1 – Not Due Yet

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This was the first rambling note I wrote. It’s not been edited or changed since that sleepless night. We’d not long been discharged from the hospital and home with this very tiny bundle at 4lb2. I thought I’d post it as it was.

1 – Not Due Yet

Lily is 3 weeks old now. She’s not even due for another 3 weeks. It’s 5am and I’m currently sat in her nursery, having been rocking her back and fore in her wooden rocker, trying to soothe her through the past 2 hours of feeding, attempting to poop, frustration, semi-sleep, and practicing her disco dancing. Because as a mum, that’s what you have to do several times a night, before eventually settling your little one for a couple hours, if you’re lucky, for somewhere in the region of 20mins to an hour, before having to restart the whole process again. But as a first time mum, the past 3 weeks have already been an emotional roller coaster.

They say to you that you don’t feel love like it is with your own child, until you get one yourself. Holding Lily in my arms, listening to her snoring away in semi-dream sleep, I can’t describe the love I feel for this little one right now. The first time I saw her getting her bloods taken on the NICU unit, I nearly cried. I remember going really warm and feeling very sick, hating every second of her discomfort at getting just a few drops of blood squeezed from the sole of her foot. I put it down to being the first time I’d been off the ward since the c-section, so still feeling a little tender. But in reality it was love for something that had been growing inside me for just 7 months.

You stare at her tiny face, not believing this being came from you. You’re the only biological mother this baby is ever going to have, and this is your only chance of doing it right.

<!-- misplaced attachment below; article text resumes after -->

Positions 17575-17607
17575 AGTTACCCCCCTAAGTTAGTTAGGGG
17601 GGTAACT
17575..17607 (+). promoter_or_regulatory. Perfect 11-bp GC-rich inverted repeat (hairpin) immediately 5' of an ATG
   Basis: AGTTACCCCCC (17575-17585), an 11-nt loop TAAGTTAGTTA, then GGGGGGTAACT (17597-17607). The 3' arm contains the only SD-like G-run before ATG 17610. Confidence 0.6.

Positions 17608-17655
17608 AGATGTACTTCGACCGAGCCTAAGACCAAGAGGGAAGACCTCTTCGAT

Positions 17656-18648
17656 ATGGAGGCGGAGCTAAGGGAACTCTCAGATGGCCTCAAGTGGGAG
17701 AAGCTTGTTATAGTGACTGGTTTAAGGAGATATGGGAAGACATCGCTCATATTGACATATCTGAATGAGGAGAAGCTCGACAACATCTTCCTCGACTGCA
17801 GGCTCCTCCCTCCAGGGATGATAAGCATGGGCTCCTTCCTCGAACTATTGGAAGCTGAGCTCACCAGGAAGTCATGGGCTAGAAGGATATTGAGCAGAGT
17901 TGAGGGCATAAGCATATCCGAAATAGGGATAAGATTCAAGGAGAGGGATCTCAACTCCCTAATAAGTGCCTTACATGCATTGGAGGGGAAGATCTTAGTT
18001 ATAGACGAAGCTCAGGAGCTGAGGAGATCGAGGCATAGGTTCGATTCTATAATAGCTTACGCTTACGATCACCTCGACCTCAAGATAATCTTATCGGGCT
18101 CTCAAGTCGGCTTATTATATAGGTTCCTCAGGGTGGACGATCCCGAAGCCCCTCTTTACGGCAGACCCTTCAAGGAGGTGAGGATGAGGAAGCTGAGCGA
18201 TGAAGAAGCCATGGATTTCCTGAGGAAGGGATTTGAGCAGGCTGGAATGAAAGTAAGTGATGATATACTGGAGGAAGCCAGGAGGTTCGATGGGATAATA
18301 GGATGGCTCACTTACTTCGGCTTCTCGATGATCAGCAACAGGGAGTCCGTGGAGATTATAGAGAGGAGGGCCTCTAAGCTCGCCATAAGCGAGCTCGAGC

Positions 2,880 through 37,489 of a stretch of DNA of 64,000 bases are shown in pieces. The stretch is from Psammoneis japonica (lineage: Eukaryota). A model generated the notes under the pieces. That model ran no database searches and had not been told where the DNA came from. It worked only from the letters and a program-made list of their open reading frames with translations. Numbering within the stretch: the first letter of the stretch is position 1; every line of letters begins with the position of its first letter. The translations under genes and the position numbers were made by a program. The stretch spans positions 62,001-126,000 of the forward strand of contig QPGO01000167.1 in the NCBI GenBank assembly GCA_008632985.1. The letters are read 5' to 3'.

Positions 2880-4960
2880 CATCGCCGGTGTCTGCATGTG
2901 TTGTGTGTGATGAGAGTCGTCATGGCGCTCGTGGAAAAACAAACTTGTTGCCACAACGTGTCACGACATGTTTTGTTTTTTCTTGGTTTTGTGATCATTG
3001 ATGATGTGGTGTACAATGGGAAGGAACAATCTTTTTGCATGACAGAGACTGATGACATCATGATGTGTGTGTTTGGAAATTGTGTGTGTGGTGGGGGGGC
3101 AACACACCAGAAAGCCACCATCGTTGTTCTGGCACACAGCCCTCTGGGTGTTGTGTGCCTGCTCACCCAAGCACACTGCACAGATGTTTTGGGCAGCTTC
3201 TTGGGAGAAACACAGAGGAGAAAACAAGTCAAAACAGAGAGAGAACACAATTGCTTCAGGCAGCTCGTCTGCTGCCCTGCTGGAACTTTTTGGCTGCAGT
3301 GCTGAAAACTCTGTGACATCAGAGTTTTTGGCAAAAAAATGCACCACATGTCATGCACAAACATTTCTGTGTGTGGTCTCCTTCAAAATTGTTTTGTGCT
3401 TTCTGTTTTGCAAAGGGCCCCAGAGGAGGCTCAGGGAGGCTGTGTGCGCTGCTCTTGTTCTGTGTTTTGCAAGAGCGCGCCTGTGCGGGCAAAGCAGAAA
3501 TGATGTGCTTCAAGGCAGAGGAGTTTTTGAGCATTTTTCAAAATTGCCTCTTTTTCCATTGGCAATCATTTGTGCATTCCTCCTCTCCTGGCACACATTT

I can still see her face, wrapped up in a towel in the operating theatre before they whisked her off to the unit for her checks. She was just so perfect, it seemed so surreal. Behind the blue screen, my abdomen was gaping open, the doctors failing to suck up the excess blood that was pouring out. My poor other half watching the scarlet fluid pooling under the operating table, while I’m oblivious to the lot, just feeling the odd tug and feeling a sense of relief that I had seen the face of that tiny human being. It made me forget the struggles of the previous few months, the worries, the prolonged hospitalisation, disappointments and fears. This is what it had all come down to. And she was ok.

So now I’m staring at the Crown Snowdrop cream walls of the nursery. The big eyes of the pastel coloured owl decals looking down at me while the birds are tweeting for the day outside the window. I’m surrounded by the remnants of the night shift; the changing table, with the corner of the next wetwipe poking out from the plastic wrapper, alongside the discarded nappy sack when one too many had been urgently pulled from the packet. I can hear my partner’s phone alarm buzzing against his side table, stirring him from his sleep, ready to start his day at work. I’m unsure whether my own day has just begun or is just finishing.